Guest essay by Eric Worrall
Anyone who thinks trying to cosy up to the climate movement will win any public relations points should take a look at how Walmart and Newscorp are being treated.
Walmart has a plan to tackle the climate crisis. Can it pull it off?
Walmart is attempting to erase its huge climate footprint while continuing to sell tens of millions of low-priced products
Every day a seemingly never-ending stream of toothbrushes, toilet paper, tape, thumbtacks, toys and other products criss-cross the globe from a network of suppliers to Walmart’s more than 10,500 stores.
Walmart has declared its mission to tackle these climate impacts, which means focusing on every part of the chain – from the electricity sourced in its stores to the palm oil in the candy bars sold on its shelves. But while some experts celebrate the scale of the retailer’s efforts, others wonder whether they go far enough.
“It’s extraordinary,” said Michael Vandenbergh, co-director of the Climate Change Research Network at Vanderbilt Law School. “What we’re talking about is one of the largest and most conservative companies in the world making a range of commitments that government is not requiring them to make.”
But some criticize Walmart’s zero emissions goal for not including the company’s supply chain, which accounts for the vast majority of Walmart’s overall climate impact. “Without that, drastic emissions reduction will never happen,” said Souparna Lahiri, co-author of a report on net zero by Corporate Accountability
Murdoch Media / Newscorp’s apparent attempt to cosy up to the greens is going even worse.
News Corp hasn’t seen the light on climate – they’re just updating their tactics
6 September 2021
Have you heard the good news? One of the key institutions holding back climate action in Australia – Rupert Murdoch’s News Corporation – is suddenly on Team Climate Action! Today, the Sydney Morning Herald revealed that the company’s Australian outlets are set to launch a campaign urging “the world’s leading economies” to embrace a target of net zero emissions by 2050; to be fronted by columnist Joe Hildebrand. The details aren’t out yet, but I contend that we can comfortably predict what it will look like.
What might reasonably seem like a surprising change of heart in News Corp’s stance on climate is actually a long-term tactical shift that has been occurring for at least a few years. Whatever policies they failed to destroy through their earlier campaigns, they will try and reframe through racist, nationalistic, technocratic and pro-business frames.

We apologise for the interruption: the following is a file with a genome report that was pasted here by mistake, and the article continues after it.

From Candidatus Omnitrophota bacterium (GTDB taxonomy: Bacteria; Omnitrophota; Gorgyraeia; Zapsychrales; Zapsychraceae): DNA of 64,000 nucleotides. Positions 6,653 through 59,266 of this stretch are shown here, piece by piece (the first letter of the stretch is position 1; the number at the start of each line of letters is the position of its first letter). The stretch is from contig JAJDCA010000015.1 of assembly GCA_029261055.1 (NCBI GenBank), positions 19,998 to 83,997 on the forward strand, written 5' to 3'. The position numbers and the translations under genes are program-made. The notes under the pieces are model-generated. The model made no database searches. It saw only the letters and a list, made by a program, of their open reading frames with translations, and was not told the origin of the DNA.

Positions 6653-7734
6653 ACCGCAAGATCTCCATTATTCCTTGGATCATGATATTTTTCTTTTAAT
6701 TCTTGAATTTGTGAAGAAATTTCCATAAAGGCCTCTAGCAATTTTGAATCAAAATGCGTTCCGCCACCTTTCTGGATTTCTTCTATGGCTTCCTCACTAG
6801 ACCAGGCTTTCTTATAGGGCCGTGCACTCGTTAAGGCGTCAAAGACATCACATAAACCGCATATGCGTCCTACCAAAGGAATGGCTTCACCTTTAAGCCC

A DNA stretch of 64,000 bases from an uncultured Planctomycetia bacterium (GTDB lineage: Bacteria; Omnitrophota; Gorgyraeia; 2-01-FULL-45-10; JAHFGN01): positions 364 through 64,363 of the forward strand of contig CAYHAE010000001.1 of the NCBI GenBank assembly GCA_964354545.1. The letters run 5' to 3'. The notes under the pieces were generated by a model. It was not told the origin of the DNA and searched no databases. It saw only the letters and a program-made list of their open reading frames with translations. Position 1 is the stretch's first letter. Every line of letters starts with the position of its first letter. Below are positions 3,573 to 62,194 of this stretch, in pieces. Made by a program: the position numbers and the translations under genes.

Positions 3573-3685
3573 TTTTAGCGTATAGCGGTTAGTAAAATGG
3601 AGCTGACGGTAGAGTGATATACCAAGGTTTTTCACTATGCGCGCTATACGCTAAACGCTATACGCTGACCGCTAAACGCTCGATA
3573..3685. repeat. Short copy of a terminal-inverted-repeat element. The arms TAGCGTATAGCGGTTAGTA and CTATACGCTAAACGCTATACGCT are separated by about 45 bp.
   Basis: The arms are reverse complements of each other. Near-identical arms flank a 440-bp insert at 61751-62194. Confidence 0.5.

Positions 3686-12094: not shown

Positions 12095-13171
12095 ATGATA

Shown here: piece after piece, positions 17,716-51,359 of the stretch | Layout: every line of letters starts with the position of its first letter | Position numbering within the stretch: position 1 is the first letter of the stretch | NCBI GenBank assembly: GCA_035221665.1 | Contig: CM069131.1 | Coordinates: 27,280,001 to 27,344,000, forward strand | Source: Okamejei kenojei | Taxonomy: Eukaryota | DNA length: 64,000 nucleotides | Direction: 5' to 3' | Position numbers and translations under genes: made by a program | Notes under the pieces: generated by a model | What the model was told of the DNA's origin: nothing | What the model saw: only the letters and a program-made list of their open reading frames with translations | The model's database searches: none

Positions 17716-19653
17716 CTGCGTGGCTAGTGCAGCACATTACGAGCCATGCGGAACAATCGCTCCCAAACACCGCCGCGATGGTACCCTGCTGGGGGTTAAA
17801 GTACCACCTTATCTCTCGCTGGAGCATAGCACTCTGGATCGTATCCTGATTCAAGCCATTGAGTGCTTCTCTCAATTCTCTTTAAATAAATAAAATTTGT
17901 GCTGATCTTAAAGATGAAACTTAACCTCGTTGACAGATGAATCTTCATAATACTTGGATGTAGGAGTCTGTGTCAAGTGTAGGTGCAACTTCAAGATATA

Whatever policies they can delay or destroy, they’ll simply keep running scare campaigns about, insisting that ‘the balance isn’t right’, and that the threat of climate action is greater than the threat of climate change, as they always have (in Australia, News Corp’s partnerships with Google and Facebook mean these campaigns to destabilise climate action are growing more powerful and more harmful every day). When the next federal election comes around, the “COSTS OF NET ZERO” scare campaigns will ramp up in Australia as they are in the UK, and News Corp will be at the forefront, pleading that acting too fast will cause catastrophe. Absolutely mark my damn words: this is what will happen.
Net zero by 2050 isn’t enough. We’ll know that the denialism has truly ended when organisations like News Corp treat the IPCC’s latest report like it’s real. That is, when they acknowledge that every additional unit of greenhouse gases causes harm to life on Earth, and that actions to stop their release must be as fast as possible. That climate change is an emergency that requires rapid action to wind down the fossil fuel industry in a just and equitable way, and that its replacement must be grown to full size with just as much passion and urgency.
Even Amazon’s Bezos, who has promised to spend billions of dollars by 2030 on the climate movement, saw much of his reputation as a green champion unravel thanks to a single PR misstep.
Amazon ‘illegally retaliated’ against climate activists
Published 5 April
US labour officials have found that Amazon retaliated illegally when it fired two employees who had spoke out about the firm’s environmental practices and warehouse safety.
The National Labor Relations Board was investigating a complaint brought by Emily Cunningham and Maren Costa, who had helped organise the group Amazon Employees for Climate Justice.
They were fired last April.
Amazon said it disagreed with the finding.
“We support every employee’s right to criticise their employer’s working conditions, but that does not come with blanket immunity against our internal policies, all of which are lawful,” an Amazon spokesman said on Monday.
“We terminated these employees not for talking publicly about working conditions, safety, or sustainability, but rather, for repeatedly violating internal policies.”
Read more: https://www.bbc.com/news/business-56641847
If you think about it, there is no reasonable means by which any corporation can appease the green movement, because the green movement is not a single entity. The only way ambitious newcomers and upstarts can make an impression is to challenge the idealogical purity of incumbents. No matter what moves incumbents and their corporate friends make, they will always be vulnerable to an idealogical challenge from non-affiliated green upstarts.
via Watts Up With That?
September 13, 2021 at 08:09PM